Brazil ANVISA Regulatory Approval Process for IVDs

Download the free chart: Brazil IVDs Regulatory Approval Process for Medical DevicesManufacturers need to obtain ANVISA (Agência Nacional de Vigilância Sanitária) approval prior to selling their products in Brazil. Brazil has four classes of IVDs with ascending risk, and two registration pathways: Cadastro and Registro. The Cadastro registration route is for lower risk IVDs, has a simplified application, and typically takes less time than Registro reviews. Download the chart in PDF, or read below for the explanation of the process.

The Brazilian (ANVISA) IniVitro Diagnostic (IVD) approval process explained

Step 1

Determine classification of your In-Vitro Diagnostic device (IVD) using rules found in Chapter II of Brazilian Resolution RDC 36/2015 published by ANVISA (Agência Nacional de Vigilância Sanitária). The Cadastro registration
route is for lower risk IVDs, has a simplified application, and typically takes less time than Registro reviews.

Step 2

For all classes: Appoint a company that holds a Company Working Allowance permit from ANVISA as your Brazil Registration Holder (BRH).

Step 3

For all classes: Provide Letter of Authorization to your BRH, who will submit your registration application to ANVISA. Your BRH maintains control of your IVD registration and Brazil Good Manufacturing Practice (BGMP) certification, if applicable.

Step 4

For Class I and II (Cadastro): Class I and II IVD manufacturers must comply with BGMP requirements as found in RDC 16/2013. ANVISA will not conduct an inspection.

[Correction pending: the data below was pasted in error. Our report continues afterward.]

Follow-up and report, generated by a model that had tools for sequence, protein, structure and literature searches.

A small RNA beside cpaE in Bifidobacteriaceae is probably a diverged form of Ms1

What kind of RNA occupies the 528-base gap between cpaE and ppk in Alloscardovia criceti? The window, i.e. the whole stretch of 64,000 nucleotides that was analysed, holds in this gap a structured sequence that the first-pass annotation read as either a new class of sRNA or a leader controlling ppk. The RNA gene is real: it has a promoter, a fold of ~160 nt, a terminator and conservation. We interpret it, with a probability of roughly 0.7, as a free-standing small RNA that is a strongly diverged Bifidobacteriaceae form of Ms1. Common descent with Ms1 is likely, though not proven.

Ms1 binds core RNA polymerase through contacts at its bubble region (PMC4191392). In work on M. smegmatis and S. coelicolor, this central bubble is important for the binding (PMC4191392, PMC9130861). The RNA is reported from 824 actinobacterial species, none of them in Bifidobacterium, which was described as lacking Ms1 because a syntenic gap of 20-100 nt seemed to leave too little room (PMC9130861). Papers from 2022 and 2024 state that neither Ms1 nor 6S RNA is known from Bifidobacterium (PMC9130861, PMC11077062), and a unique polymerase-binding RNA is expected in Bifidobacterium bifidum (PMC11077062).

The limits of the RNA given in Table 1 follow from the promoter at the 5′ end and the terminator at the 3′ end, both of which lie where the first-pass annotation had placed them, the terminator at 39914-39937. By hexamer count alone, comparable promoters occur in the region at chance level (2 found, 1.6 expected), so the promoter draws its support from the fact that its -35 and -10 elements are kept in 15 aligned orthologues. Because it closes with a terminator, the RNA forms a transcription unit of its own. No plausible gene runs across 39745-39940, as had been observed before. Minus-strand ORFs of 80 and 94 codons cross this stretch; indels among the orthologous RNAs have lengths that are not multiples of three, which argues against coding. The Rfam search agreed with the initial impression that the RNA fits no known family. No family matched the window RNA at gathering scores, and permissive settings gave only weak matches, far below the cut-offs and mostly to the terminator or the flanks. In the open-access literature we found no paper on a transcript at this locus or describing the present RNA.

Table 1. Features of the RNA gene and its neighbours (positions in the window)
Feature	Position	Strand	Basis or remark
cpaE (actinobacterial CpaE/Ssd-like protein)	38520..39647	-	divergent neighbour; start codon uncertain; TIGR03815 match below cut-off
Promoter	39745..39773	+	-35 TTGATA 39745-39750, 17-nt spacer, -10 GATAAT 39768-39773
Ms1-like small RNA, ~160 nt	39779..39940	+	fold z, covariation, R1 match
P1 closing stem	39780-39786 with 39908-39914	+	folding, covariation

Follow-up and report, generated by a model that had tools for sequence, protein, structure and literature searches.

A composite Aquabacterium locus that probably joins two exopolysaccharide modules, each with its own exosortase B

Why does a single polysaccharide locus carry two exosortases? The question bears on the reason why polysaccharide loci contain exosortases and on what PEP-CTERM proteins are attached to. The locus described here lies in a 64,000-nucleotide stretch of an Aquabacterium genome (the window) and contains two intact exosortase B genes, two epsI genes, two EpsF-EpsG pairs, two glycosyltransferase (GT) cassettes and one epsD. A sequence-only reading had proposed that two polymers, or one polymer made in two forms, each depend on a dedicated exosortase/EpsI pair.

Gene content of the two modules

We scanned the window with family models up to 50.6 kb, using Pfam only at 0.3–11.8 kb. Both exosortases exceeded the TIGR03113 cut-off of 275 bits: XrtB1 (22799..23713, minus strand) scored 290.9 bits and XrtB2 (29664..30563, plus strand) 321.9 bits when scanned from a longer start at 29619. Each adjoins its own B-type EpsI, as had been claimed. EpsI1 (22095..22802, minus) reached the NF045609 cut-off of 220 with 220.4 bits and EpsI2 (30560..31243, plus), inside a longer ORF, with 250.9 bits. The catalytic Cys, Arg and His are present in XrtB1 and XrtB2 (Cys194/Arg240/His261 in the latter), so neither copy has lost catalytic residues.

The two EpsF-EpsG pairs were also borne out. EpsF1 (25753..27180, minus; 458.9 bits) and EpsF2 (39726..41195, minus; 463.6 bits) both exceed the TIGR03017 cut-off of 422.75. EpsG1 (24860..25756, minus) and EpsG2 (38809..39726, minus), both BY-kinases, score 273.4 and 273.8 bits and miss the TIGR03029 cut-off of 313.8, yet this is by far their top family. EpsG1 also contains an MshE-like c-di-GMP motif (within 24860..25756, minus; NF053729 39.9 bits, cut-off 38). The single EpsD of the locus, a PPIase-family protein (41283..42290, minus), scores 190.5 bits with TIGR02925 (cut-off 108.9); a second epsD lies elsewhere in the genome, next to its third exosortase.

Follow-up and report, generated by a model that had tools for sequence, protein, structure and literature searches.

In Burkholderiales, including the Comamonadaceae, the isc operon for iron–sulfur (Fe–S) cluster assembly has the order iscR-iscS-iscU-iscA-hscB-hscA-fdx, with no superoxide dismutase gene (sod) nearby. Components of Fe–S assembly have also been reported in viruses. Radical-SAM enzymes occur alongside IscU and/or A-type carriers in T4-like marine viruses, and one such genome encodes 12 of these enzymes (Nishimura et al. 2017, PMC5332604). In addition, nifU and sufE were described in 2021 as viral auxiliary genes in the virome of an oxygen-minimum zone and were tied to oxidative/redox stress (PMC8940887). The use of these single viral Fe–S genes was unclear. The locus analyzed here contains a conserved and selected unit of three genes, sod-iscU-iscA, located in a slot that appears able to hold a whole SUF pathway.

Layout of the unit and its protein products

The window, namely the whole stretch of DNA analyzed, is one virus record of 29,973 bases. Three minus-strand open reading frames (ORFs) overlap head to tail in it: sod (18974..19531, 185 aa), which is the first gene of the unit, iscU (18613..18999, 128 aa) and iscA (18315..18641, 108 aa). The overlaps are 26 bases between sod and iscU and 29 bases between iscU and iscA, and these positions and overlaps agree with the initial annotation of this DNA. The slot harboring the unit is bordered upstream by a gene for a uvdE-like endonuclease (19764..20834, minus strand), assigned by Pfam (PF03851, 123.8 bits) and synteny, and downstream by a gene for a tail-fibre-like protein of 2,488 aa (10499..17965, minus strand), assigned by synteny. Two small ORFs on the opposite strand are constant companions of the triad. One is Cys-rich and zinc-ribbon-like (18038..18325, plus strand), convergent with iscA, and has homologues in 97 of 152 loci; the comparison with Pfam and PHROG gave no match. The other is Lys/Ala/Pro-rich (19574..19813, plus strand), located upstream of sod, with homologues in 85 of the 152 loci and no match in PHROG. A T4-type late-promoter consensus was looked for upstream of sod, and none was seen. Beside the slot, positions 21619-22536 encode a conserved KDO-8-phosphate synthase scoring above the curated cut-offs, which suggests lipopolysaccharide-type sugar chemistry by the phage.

For Class III and IV (Registro): Class III and IV manufacturers must be audited for BGMP compliance by ANVISA as outlined in RDC 16/2013. BGMP fees are due every two years.

Step 5

For all classes: Prepare Technical Dossier (TD) conforming to Chapter IV of RDC 36/2015, including a description of the IVD, images, risk management files, a list of technical standards adopted, stability studies, manufacturing process information and IVD labeling (IFU and labels) compliant with Chapter V of RDC 36/2015.

Step 6

Class I IVD (Cadastro): The TD is not submitted with the registration petition but must be maintained on-site by your BRH.

Class II IVD (Cadastro): The TD must be submitted with the registration petition and include performance study reports.

Class III and IV IVD (Registro): The TD must be submitted with the registration petition and include performance study reports plus clinical evidence reports.*

Step 7

For all classes: Your BRH prepares and submits the application to ANVISA. All documents must be submitted in Brazilian Portuguese. Pay application fee.

Step 8

For all classes: ANVISA reviews registration application. Upon approval, ANVISA will publish registration number in the Diário Oficial da União (DOU).

Step 9

Class I and II registrations do not expire.

Class III and IV registrations are valid for 5 years. Registration renewals must be initiated one year, and no later than six months, prior to expiration.

Step 10

For all classes: Appoint a qualified importer/distributor to bring your device into Brazil. You may now begin marketing your IVD.

NOTE: Some IVDs listed in RDC 3385/2006 require an Economic Information Report (EIR) compliant with RDC 185/2006 be submitted to NUREM, a division of ANVISA, with the application or within 30 days after its approval. This report includes pricing comparisons for other markets, patient/user information, and marketing materials.

* Some Class IV IVDs are subject to prior analysis by INCQS (National Institute of Quality Control in Health) and analysis test results must also be presented as part of the submission. There are specific requirements for the number of lots and sample sizes that must be tested for such products.

This is a simplified overview of the process. ANVISA may choose to audit your submission and request more documents, which will add time to your approval.

Table updated 07/2016.